Sense of Place: The Magic Room
In the Sahara West Library is a place where childhoods are shaped, even if they can’t last forever
They enter through a magic door in the wall. Some toddle on legs unsure and edible, it seems — baby fat purling in variegated folds of meringue from vanilla to toast to my own deep chicory. Some stoop to crabwalk through, proud that there is a space where their new growth demands they temporarily revisit a kind of smallness. Others are wheeled in, lolling like latter-day pimps in tricked-out strollers, as their escorts bend to ferry them through the tunnel that lies on the other side of the door. Stubborn ones, my own included, hold up traffic so that they might linger in the enchantment of a structure within a structure, so obviously built to honor their specifications. They stake positions, star-fishing within the frames of kid-sized windows, and look out into the scrim of heat and palo verde below. We are in an exalted place: the story room in the Young People’s Library at the top of Sahara West.
The music is already pumping. Raffi riffing through “Baby Beluga,” his guitar a scratchy joy, warbles from the librarian’s cart. The door and tunnel widen into a palace playroom in pennant colors — royal golds, reds, and blues. A paper crescent moon rises, suspended on moss-colored walls. We settle crisscross applesauce on rounds of carpet printed like highways the little ones cannot yet drive. Unable to contain herself, a pony-tailed 2-year-old breaks from her mother’s embrace to breaststroke among the fins and octopi of a carpeted round stamped ocean blue.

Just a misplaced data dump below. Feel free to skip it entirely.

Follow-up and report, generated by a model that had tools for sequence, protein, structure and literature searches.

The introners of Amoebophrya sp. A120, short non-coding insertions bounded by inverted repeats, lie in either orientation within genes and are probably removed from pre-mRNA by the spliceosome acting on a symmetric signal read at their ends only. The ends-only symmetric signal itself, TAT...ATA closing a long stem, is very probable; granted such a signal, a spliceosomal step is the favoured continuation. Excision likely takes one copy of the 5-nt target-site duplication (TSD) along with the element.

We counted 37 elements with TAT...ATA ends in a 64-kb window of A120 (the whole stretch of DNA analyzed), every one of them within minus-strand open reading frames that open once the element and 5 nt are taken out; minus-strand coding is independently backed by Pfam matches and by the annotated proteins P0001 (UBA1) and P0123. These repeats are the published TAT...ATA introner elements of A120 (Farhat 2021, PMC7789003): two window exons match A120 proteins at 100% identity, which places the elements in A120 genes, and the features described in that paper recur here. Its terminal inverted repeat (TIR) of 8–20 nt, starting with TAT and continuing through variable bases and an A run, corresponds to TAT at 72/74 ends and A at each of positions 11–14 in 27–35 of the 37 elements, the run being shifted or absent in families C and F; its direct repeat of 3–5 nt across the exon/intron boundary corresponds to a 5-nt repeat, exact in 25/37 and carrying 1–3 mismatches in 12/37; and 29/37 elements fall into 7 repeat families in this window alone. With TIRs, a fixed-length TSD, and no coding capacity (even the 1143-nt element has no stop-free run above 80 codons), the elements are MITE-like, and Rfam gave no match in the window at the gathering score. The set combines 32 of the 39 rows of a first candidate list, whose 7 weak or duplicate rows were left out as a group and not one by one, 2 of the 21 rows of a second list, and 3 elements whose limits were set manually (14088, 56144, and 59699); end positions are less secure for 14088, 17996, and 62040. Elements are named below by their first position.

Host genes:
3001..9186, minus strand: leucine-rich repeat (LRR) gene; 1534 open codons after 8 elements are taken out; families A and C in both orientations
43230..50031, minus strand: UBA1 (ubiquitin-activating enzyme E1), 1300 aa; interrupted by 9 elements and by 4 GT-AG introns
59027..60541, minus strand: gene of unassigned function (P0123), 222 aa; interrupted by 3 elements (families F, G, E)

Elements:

In the height of summer or the raging desert winds of winter and fall, we are the cool. We are the lucky. We have shown up early for our Storytime tickets. Raffi strums, Bababababa … Bababababa … Baby Beluga in the deep blue sea. Swim so wild and you swim so free. Moms bob their heads and puppet-string the hands of their lap-sitters into clapping along. The 2-year-old leaps up. Toddlers shimmy diapered bottoms. My handsome boy in Baby Gap shorts and chunky sandals taps a foot into tendu. His baby brother, ensconced in a yellow onesie, dozes at my chest.
After having packed diaper bags and animal crackers, wet wipes and baby carrots, Goldfish and Capri Suns in their trifold aluminum packets, we form this circle and swim in the club-stir air of adrenaline. The gloat and glee of having made it is akin to having stood outside the velvet rope on a Saturday night. Except this is a Friday morning, or a Monday, or a Wednesday, any of the countless library mornings in what I’d believed would be an eternally unwinding host of small and joyful daily ministrations in the childhood of my sons. Raffi gives way to the librarian’s reading of Abiyoyo. She takes out her ukulele to accompany Pete Seeger’s story-song.
I could not give my boys my childhood walks to the Chesapeake — the bay bringing me the puffed splendor of jellyfish stranded on the shore, the clumps of seaweed tangled with salt and memories. But I could give them this — these library visits — an amalgam of all the other libraries and vistas I’d known. I could give them books made real by librarians who decorated shelves with standouts from Ezra Jack Keats’ The Snowy Day and Norman Bridwell’s Clifford the Big Red Dog.
These days I enter Sahara West alone. My dancing boy is now full grown and starting a career in e-media, editing the work of a staff of writers. The baby in the onesie is near 6-foot-3 and heading soon to college. I avoid the Young People’s Library at the top of the stairs. I dare not venture past the magic door, knowing I will see them there.